The world uses nearly 3 billion gallons of oil every single day. We use oil to help fuel our cars, trucks, buses, and to heat our homes. Oil is also made into plastics, which are used to make bottles and smartphones. We rely on oil rigs placed in the middle of the sea to drill for oil or natural gas at the bottom of the ocean. When oil rigs break, it causes oil spills that can severely harm animals and plants.
How is the Environment Affected?
Oil and water do not blend well. When there are oil spills in the ocean, oil floats on the surface of the water, which spreads out into a layer that is thick enough to block sunlight from reaching under the sea.
Oil spills are a major reason that killer whales are endangered. The oil may be eaten or enter the whale’s blowhole, which helps them breathe. Whales will rise over the water to take a breath but if the blowhole is plugged with oil, the whale cannot breathe.Other marine animals and organisms that swim through oil can ingest it through their gills, which can kill them or affect their ability to have babies.
An oil spill affects the coastline. Oil might get stuck to birds and their feathers. Although bird feathers are naturally waterproof, the oil neutralises their ability to repel water and conserve heat and exposes their sensitive skin to temperature extremes. When birds try to clean themselves, they will accidentally ingest the oil that hurts their liver, lungs, and intestines. Feathers are the most important feature of a bird. They allow birds to jump off the ground and soar in the air at speeds high enough to shoot in and out of water. However, these are only possible if a bird’s feathers are healthy.
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How do we Clean Up Oil Spills?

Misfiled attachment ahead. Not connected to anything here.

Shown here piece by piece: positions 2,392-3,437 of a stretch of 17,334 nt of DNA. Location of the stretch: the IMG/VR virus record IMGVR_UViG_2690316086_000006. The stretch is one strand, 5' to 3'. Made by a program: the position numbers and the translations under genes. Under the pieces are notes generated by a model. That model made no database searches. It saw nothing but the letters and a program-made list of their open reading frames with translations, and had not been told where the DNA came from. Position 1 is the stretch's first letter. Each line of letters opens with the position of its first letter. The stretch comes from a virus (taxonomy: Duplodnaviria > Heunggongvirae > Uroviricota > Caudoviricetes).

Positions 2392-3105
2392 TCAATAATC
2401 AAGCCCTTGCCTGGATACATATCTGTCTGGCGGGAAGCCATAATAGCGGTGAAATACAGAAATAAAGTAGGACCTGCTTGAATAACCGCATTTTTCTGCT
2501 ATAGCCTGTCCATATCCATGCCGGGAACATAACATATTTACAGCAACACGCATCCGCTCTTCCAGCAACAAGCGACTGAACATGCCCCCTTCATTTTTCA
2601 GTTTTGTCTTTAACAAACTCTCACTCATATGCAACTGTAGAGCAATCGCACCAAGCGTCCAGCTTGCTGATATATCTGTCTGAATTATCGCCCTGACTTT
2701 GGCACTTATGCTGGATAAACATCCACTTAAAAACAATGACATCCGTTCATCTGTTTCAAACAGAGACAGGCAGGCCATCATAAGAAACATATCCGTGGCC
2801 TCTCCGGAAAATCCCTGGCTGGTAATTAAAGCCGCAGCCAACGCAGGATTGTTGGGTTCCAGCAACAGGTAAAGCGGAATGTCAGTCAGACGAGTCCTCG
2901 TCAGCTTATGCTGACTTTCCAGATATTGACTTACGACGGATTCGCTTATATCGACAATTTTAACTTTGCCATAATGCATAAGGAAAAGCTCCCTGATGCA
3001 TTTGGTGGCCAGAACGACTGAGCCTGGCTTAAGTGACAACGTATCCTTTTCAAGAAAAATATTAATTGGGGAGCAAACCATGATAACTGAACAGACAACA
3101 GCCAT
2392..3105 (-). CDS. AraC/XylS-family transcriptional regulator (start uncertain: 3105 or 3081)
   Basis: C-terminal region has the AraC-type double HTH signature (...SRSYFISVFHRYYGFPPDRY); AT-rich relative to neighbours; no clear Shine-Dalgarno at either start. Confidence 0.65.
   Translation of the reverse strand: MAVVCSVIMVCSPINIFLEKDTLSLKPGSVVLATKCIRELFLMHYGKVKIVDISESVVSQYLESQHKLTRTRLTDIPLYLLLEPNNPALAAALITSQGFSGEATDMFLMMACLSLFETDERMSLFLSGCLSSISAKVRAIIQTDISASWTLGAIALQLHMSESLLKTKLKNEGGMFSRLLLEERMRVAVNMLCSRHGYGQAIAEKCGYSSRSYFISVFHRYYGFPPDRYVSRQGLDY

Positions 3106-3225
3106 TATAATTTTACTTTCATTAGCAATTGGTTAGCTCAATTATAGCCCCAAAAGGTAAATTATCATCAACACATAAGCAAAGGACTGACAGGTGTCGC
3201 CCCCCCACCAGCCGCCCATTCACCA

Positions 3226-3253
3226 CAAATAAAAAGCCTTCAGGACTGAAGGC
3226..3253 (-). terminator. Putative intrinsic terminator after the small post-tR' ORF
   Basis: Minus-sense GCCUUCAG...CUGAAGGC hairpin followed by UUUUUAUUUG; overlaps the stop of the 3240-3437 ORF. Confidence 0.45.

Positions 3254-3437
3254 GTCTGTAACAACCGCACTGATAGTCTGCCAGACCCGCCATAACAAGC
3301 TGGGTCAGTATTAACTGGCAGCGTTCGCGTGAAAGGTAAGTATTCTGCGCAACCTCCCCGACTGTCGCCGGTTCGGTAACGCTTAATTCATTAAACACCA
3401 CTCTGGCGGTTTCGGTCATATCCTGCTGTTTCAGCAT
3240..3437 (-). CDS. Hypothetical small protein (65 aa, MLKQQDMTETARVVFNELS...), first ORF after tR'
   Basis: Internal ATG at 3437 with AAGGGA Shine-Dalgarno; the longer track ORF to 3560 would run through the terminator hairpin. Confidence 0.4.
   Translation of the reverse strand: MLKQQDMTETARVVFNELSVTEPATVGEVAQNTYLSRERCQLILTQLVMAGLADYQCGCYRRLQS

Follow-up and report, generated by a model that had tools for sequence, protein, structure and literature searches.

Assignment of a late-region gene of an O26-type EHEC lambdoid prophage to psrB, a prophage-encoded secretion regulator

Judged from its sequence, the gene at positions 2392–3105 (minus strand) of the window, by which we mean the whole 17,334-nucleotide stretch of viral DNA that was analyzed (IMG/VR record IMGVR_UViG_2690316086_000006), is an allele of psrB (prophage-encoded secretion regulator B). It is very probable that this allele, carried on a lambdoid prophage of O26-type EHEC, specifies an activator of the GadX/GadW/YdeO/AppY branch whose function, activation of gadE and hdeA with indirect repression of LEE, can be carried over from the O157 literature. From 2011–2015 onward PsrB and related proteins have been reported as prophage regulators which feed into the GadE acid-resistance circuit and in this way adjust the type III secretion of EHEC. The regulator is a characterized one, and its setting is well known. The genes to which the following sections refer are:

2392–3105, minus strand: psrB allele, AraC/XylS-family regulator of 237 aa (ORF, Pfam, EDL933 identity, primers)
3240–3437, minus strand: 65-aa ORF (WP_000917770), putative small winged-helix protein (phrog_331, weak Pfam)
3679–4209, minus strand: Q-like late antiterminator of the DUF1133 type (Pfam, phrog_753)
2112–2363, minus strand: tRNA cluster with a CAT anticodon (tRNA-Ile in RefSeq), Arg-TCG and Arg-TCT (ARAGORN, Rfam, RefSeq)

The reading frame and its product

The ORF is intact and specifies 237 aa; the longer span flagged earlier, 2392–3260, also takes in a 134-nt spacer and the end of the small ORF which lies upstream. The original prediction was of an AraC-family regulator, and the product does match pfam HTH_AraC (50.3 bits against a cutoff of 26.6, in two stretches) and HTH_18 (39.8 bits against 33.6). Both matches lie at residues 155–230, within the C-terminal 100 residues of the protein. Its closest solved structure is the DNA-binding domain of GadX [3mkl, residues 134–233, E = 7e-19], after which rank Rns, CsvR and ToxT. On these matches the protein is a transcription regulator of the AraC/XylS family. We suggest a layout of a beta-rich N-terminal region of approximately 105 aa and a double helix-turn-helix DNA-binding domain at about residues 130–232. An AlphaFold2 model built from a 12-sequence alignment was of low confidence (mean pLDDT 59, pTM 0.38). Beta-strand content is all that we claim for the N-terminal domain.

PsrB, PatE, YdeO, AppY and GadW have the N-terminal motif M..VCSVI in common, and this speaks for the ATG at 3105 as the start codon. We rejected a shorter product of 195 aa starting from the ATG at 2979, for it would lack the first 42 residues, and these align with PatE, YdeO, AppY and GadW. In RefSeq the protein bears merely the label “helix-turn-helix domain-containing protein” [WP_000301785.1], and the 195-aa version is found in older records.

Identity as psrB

There are many ways to clean a spill. Dispersants, a type of chemical, are mainly used as a clean-up tool. They can break oil into smaller parts and decompose the bacteria living in the water. However, using dispersants may make the environment worse.
Another method of cleaning up oil spills involves placing a floating barrier around the oil and lighting it on fire, but this usually leads to pollution. Using machines to help separate the oil from the water may work, however, if a leak is ongoing, such a machine may not be able to keep up with the rate of contamination.
When animals arrive at cleaning centres, oil is flushed from their eyes and intestines and then they’re examined for broken bones, cuts and other injuries. Next, they get a stomach-coating medicine to prevent any more oil from entering their systems.
We can always raise money and make donations to agencies in charge of the clean-ups, such as the National Wildlife Federation. Cutting down on oil use in everyday life is a great way to help. Walking or using a bike instead of riding in a car can make a huge difference.
Something a city can do is decide to pave its roads with cement instead of asphalt. This way, we can really work together and make the world a better place and see a better tomorrow.
Featured image by: Florida Sea Grant